Educational resources from Freedom Summer are available on PBS Learning Media. Video segments from the broadcast are supported by background essays and teaching tips to facilitate the use of media in the classroom.
What Was "Freedom Summer?"
This video from American Experience: “Freedom Summer” introduces the events of 1964, when over 700 students, black and white, came to Mississippi to help black citizens register to vote as well as combat other forms of discrimination, such as inadequate schools and lack of legal aid. Organized by the Student Non-Violent Coordinating Committee (SNCC), civil rights activists hoped that the participation of well-educated, middle-class students, many from prestigious universities, would not only bring results but draw the attention of the nation to the miserable standard of living suffered by blacks in Mississippi.
Freedom Summer: Mississippi Blocks Voter Registration
Helping black citizens register to vote in the South was one of the main goals of the civil rights movement, as seen in this video from American Experience: “Freedom Summer.” Previous attempts to register had been met by intimidation and violent recriminations by the white establishment. In 1964, the Student Non-Violent Coordinating Committee (SNCC) recruited student volunteers to go to Mississippi to join in the effort to restore this basic constitutional right to the black community.
Freedom Summer: The Catalyst
In 1963, black citizens of Mississippi had been disenfranchised for years. Earlier attempts to register to vote had been met with intimidation and reprisals. As more efforts were made to register voters, the state decided to withhold food and other aid from poor rural areas, which was especially devastating to the black community during a difficult winter. The arrival of popular comedian Dick Gregory with a plane full of supplies brought media attention and public scrutiny. The resulting publicity helped spark the idea for what would become known as "Freedom Summer."
Freedom Summer: Black Leaders, White Allies
Over 700 mostly white college students from the North answered the call for volunteers issued by the Student Non-Violent Coordinating Committee (SNCC). When they arrived for a week of orientation given by the mostly black SNCC organizers, racial and class tensions surfaced. In this video from Freedom Summer, learn how the two groups confronted the issues that divided them and resolved to work together.
Freedom Summer: Freedom Schools
In addition to helping black residents register to vote and establishing the Mississippi Freedom Democratic Party, education was another important goal of Freedom Summer. Years of substandard and segregated schools and libraries had contributed to high rates of illiteracy (which, in turn, had led to disenfranchisement) and a lack of knowledge about black history and culture. Volunteers teaching in the Freedom Schools found that adults as well as children were eager to learn. The experience gave many black people newfound hope that things were about to change.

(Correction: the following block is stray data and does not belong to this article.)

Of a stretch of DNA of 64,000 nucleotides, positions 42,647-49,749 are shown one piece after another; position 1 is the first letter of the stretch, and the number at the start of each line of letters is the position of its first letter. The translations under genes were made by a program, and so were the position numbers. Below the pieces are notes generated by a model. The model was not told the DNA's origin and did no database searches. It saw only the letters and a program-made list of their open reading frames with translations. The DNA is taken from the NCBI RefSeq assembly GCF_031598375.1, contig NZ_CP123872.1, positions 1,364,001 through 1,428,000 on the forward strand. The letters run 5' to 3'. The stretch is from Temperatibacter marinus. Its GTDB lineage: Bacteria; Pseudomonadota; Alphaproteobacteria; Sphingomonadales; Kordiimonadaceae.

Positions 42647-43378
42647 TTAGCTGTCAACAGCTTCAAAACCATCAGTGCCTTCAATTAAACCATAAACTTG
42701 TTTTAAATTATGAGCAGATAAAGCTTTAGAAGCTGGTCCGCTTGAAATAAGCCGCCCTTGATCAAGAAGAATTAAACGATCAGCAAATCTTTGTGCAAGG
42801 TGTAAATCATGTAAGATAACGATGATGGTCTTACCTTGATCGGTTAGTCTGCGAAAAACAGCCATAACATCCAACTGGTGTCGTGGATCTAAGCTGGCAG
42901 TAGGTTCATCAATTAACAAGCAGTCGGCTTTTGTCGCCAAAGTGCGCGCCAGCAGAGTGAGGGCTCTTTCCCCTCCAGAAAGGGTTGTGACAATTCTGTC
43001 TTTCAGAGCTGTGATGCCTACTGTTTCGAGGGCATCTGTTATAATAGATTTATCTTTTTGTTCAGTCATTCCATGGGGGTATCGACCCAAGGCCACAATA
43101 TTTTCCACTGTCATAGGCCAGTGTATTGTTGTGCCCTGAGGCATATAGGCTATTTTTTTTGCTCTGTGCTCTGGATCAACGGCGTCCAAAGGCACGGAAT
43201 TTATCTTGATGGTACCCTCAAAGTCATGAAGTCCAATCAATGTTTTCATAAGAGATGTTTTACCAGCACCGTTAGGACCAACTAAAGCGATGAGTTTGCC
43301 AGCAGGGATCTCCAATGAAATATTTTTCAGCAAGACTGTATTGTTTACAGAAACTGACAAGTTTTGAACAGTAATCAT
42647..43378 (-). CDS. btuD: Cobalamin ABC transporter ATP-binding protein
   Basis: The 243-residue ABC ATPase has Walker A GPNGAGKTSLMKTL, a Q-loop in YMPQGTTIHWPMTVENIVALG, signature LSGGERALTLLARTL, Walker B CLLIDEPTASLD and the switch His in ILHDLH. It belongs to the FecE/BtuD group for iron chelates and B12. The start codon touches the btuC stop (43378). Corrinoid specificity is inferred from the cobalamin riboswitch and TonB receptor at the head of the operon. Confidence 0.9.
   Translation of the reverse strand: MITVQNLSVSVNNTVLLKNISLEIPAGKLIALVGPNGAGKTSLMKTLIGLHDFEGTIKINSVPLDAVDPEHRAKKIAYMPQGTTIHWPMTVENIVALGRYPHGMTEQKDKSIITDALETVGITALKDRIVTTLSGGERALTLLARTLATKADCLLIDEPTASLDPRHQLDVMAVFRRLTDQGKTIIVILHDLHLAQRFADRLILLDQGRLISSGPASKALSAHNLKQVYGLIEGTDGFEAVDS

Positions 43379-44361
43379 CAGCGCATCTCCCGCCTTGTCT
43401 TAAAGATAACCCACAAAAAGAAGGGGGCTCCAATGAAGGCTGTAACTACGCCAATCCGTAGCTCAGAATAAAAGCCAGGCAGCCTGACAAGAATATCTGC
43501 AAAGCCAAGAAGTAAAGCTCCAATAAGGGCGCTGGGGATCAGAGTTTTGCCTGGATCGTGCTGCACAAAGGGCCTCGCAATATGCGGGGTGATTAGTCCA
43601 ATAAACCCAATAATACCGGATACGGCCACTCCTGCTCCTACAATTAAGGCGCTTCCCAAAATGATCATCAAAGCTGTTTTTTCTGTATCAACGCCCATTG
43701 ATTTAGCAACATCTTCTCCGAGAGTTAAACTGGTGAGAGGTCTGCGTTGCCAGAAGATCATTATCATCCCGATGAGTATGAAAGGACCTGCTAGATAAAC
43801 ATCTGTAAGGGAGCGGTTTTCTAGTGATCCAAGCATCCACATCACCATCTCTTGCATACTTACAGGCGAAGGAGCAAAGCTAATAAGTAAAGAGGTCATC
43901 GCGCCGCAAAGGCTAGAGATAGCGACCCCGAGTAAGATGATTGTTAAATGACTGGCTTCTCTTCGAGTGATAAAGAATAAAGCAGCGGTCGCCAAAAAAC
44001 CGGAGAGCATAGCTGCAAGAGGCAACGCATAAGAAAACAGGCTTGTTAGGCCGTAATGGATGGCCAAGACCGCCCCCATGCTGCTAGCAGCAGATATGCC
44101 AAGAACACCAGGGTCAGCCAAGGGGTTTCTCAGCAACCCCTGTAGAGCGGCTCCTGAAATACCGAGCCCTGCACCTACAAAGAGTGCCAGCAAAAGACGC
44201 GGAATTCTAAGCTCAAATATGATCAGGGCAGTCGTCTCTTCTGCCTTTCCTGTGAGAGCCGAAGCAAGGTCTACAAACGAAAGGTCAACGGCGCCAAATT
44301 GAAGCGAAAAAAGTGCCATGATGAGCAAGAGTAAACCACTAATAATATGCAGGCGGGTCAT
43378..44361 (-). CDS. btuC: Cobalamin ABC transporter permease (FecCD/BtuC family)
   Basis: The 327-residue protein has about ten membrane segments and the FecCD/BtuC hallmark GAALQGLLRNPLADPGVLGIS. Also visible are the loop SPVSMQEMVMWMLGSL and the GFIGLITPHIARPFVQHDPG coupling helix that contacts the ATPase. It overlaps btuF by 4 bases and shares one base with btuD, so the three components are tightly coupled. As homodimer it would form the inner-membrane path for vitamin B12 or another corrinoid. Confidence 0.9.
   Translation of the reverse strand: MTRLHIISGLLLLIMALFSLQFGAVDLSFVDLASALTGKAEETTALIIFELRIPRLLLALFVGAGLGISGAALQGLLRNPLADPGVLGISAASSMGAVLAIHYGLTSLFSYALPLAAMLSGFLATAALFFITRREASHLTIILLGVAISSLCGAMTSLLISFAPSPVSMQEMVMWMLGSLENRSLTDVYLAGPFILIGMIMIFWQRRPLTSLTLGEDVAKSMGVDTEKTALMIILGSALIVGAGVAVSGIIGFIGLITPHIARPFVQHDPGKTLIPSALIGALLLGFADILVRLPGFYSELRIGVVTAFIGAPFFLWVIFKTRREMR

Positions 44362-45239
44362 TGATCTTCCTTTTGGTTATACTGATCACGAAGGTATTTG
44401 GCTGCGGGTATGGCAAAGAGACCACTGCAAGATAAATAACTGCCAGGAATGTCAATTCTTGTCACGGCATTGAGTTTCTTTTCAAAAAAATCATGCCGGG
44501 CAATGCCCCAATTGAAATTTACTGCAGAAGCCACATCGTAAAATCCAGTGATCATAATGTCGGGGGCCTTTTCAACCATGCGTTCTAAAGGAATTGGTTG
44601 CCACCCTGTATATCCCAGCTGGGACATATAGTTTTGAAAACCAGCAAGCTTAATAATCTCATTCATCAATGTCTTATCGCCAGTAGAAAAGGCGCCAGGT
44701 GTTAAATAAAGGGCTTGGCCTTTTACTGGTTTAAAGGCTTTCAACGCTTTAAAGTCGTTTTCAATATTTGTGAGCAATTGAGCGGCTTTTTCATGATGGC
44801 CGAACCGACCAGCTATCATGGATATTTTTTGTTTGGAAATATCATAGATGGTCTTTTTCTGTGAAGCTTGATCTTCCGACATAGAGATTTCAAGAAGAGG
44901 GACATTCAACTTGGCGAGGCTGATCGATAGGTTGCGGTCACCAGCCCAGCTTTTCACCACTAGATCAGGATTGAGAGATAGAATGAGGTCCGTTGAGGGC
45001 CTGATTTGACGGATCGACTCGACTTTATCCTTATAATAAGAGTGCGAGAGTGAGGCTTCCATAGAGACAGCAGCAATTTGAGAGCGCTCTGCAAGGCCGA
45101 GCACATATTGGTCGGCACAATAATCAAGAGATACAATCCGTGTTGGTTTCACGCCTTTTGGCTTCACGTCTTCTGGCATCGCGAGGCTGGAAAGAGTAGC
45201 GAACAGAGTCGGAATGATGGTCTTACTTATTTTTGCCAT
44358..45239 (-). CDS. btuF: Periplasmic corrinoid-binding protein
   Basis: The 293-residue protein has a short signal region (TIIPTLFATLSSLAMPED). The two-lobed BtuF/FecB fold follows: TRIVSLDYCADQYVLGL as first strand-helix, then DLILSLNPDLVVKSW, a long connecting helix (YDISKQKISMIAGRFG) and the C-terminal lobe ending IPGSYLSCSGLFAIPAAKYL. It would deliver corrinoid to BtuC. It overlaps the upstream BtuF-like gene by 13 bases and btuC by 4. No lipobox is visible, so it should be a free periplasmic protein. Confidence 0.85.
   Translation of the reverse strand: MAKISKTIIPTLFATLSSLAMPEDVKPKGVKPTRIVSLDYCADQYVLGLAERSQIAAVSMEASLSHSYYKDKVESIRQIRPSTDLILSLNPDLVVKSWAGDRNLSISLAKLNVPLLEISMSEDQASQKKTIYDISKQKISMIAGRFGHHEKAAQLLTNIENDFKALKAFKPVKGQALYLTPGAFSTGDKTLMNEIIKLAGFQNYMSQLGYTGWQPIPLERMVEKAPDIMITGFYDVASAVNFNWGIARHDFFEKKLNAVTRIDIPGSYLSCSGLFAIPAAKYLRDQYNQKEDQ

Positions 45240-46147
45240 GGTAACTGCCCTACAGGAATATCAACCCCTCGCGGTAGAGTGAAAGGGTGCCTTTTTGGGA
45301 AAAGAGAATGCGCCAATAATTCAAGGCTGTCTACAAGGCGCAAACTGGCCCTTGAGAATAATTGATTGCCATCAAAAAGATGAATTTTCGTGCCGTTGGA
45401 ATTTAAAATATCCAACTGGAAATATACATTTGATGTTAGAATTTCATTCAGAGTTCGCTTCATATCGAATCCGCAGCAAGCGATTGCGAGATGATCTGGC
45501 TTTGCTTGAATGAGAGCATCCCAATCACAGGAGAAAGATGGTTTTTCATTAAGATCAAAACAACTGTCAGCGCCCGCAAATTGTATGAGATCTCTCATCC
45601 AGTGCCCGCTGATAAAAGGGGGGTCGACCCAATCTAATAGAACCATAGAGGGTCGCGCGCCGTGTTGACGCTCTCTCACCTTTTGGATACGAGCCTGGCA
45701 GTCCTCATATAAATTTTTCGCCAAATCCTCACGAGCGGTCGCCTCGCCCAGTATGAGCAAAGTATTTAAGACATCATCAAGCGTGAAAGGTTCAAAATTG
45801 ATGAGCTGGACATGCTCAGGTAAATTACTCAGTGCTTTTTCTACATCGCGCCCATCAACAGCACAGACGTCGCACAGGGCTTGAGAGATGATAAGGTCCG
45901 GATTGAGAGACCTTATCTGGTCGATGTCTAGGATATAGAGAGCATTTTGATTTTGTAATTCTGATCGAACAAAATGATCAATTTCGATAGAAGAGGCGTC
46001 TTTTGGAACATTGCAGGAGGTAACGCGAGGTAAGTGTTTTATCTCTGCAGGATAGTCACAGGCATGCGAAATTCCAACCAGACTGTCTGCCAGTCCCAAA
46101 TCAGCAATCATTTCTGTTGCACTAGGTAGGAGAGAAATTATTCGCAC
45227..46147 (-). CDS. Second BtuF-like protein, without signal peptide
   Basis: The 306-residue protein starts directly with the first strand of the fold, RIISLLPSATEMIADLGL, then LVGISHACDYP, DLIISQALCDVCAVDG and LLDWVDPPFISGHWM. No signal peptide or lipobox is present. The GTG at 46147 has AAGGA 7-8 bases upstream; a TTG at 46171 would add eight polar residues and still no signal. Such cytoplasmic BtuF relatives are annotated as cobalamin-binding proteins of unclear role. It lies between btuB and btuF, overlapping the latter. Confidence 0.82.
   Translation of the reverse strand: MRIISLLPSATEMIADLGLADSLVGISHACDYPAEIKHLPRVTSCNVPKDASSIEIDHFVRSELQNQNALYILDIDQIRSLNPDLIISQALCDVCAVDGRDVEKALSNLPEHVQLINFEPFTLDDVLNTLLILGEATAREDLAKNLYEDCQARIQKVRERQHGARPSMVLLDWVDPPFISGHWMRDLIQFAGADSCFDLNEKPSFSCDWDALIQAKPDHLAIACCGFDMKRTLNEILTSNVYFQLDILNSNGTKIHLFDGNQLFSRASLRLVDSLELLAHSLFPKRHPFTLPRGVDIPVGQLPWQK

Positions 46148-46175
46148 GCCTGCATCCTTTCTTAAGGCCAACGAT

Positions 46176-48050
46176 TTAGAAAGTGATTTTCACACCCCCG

Freedom Summer: Civil Rights Workers Disappear
The disappearance of civil rights workers Andrew Goodman, James Chaney, and Michael Schwerner occurred on June 21, at the very beginning of what became known as “Freedom Summer,” as seen in this video from American Experience: 1964. Although their bodies were not found until August, the resulting media attention increased national awareness of the violence and injustices facing blacks every day in Mississippi and the white volunteers who had come to join in the fight.
The grave truth behind modern forensics was discovered in 1920s New York.
Malcolm X, a man who both terrified and inspired, expressed the anger and struggle of black people for freedom in the 1960s.
The life story of Aimee Semple McPherson, religious evangelist instrumental in bringing conservative Protestantism into mainstream culture.
Of all the alphabet agencies of the New Deal, none captured the public's imagination like J. Edgar Hoover's FBI.
Marcus Garvey, a black nationalist leader from Jamaica, had great successes and failures before being jailed and deported from the US in 1927.
The most daring and innovative accomplishment at the turn of the 20th century.
A marvel of engineering, architecture, and vision, the story of the Beaux Arts structure on 42nd street that forever changed midtown Manhattan.
Accused by a janitor, a respected Harvard professor was hanged for the murder of Dr. George Parkman, one of Boston's richest citizens, in 1849.